Every day, Harvard University’s Minor Planet Center (MPC) posts a list of newly identified asteroids and comets on its Web site. NASA telescopes spot the space rocks as part of the agency’s asteroid survey, but with only a few initial sightings, the range of possible paths for each new asteroid is huge. That’s why MPC astronomers post the data on the Web: They enlist amateurs across the world to search for the asteroids, and the additional sightings allow them to refine each object’s orbital path. One night earlier this year, one of these skygazers noticed something that concerned him: Object AL00667 seemed to be headed for Earth, and it was coming in fast. Here’s the timeline of that near emergency.
17:15 EST: MPC receives its list of
visible asteroids. Tim Spahr, an MPC astronomer in Cambridge, begins computing potential orbits.
17:50: The data, as usual, is scant: four coordinates per object, for five objects total, generated from 70 minutes of observation. Less information means
a greater number of possible orbits. Spahr posts the whole range on MPC’s Web site and heads out to dinner.
17:59: Reiner Stoss, an amateur astronomer in Germany, informs Yahoo’s Minor Planet List message board that a near-Earth object—an asteroid or comet orbiting in Earth’s neighborhood—named AL00667 “is predicted to become brighter by over 4 magnitudes in just 24 hours . . . and the speed is increasing.” In other words, it’s getting closer, fast. Due to poor visibility, Stoss is unable to search for it.
18:48: Another list member, former NASA Jet Propulsion Lab astronomer Alan Harris, responds, “I can calculate on a desk calculator that this is an impact trajectory.”
19:08: Harris alerts three prominent asteroid researchers: Steve Chesley, a senior scientist at JPL, Clark Chapman of the Southwest Research Institute in Boulder, Colorado, and, most important, Don Yeomans, the director of NASA’s NEO program office. Harris notifies them of the possibility that AL00667 could strike within days.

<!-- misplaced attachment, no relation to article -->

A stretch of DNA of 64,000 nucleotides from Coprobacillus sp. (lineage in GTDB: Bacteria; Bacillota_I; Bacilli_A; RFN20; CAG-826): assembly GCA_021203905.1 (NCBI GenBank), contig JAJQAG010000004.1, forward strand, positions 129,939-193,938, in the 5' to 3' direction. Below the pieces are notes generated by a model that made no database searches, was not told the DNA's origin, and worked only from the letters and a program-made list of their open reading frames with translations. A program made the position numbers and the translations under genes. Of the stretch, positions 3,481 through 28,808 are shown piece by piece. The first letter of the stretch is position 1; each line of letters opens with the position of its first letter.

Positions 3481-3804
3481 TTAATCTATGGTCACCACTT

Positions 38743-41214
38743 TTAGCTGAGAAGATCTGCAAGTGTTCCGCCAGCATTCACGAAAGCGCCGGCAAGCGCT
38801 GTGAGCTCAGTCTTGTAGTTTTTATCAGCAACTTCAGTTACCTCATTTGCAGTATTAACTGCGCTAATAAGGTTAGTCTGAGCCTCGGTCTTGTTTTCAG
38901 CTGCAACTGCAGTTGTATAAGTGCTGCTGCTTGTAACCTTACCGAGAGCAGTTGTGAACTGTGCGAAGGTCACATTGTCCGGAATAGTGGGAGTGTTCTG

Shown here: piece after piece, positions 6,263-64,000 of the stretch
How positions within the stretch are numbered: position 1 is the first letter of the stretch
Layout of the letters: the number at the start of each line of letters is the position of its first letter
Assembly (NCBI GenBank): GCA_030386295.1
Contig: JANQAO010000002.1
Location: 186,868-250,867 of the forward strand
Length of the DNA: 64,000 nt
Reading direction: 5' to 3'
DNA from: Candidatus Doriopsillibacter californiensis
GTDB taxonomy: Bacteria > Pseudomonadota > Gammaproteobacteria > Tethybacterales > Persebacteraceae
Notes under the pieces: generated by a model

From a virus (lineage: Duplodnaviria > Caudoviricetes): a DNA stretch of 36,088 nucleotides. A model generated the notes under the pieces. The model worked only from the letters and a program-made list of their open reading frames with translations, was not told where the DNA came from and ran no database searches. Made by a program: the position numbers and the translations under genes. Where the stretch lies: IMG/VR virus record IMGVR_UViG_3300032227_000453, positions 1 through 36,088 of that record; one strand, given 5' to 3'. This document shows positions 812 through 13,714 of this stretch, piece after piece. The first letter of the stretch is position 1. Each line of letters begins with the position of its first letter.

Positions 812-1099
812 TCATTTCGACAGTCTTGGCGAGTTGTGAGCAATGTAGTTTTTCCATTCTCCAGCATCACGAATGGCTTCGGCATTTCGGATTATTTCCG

20:30: An agitated Chesley calls the MPC looking for Tim Spahr. MPC
director Brian Marsden, working late, answers the phone and asks if he can help while Spahr is in transit. Chesley relays Harris’s findings.
20:55: Marsden isn’t worried, as the uncertainty regarding the orbits is so great, but he agrees to help. He supplies Chesley with MPC’s raw Data.
20:57: Marsden sends an e-mail to Peter Birtwhistle, a reliable astronomer in England, requesting observational data on AL00667.
21:01: Although the weather is clear, Birtwhistle responds that his equipment’s setup precludes him from seeing far enough north to spot the
21:51: In search of more amateur assistance, Marsden alerts the Astronomical Society of Kansas City.
0:23: Dick Trentman and Dick Fredrick, acting on Marsden’s request,
respond that even with clear Kansas skies, they can’t find AL00667
anywhere near the predicted Earth-impacting orbit.
2:19: Still concerned, Steve Chesley informs Chapman, Yeomans and Harris that of 819 orbits he calculated, as many as 40 percent predict impact. He also notes that the asteroid appears to be 30 meters wide—small enough so that it would explode high in the atmosphere, but, according to some studies, large enough to cause damage on the ground.
4:30: Chesley and company receive an e-mail from Colorado-based amateur Brian Warner, who, despite an exhaustive search, can’t find AL00667.
15:20: After analyzing a new crop of data, MPC astronomers find that the asteroid, now catalogued as 2004AS1, was 20 million miles away from Earth—far off the impact trajectories. The threat is officially defused.
To prevent such panics in the future, Marsden and MPC programmer Garreth Wilson adjusted their software so that it will alert the astronomer who is posting new asteroid data when one of the potential orbits outlines a collision course. But the real benefit of the events may have been the test of NASA’s amateur astronomy network. Following the initial panic, MPC handled the situation correctly by actively seeking additional sightings from the amateurs.
There’s no official protocol yet for what to do if they had confirmed that the asteroid was headed for Earth—just a telephone chain extending from MPC to Yeomans and NASA NEO chief Lindley Johnson, and eventually on up to administrator Sean O’Keefe and, if necessary, the president. But let’s hope that if the amateurs do spot an incoming asteroid, those phones start ringing quickly.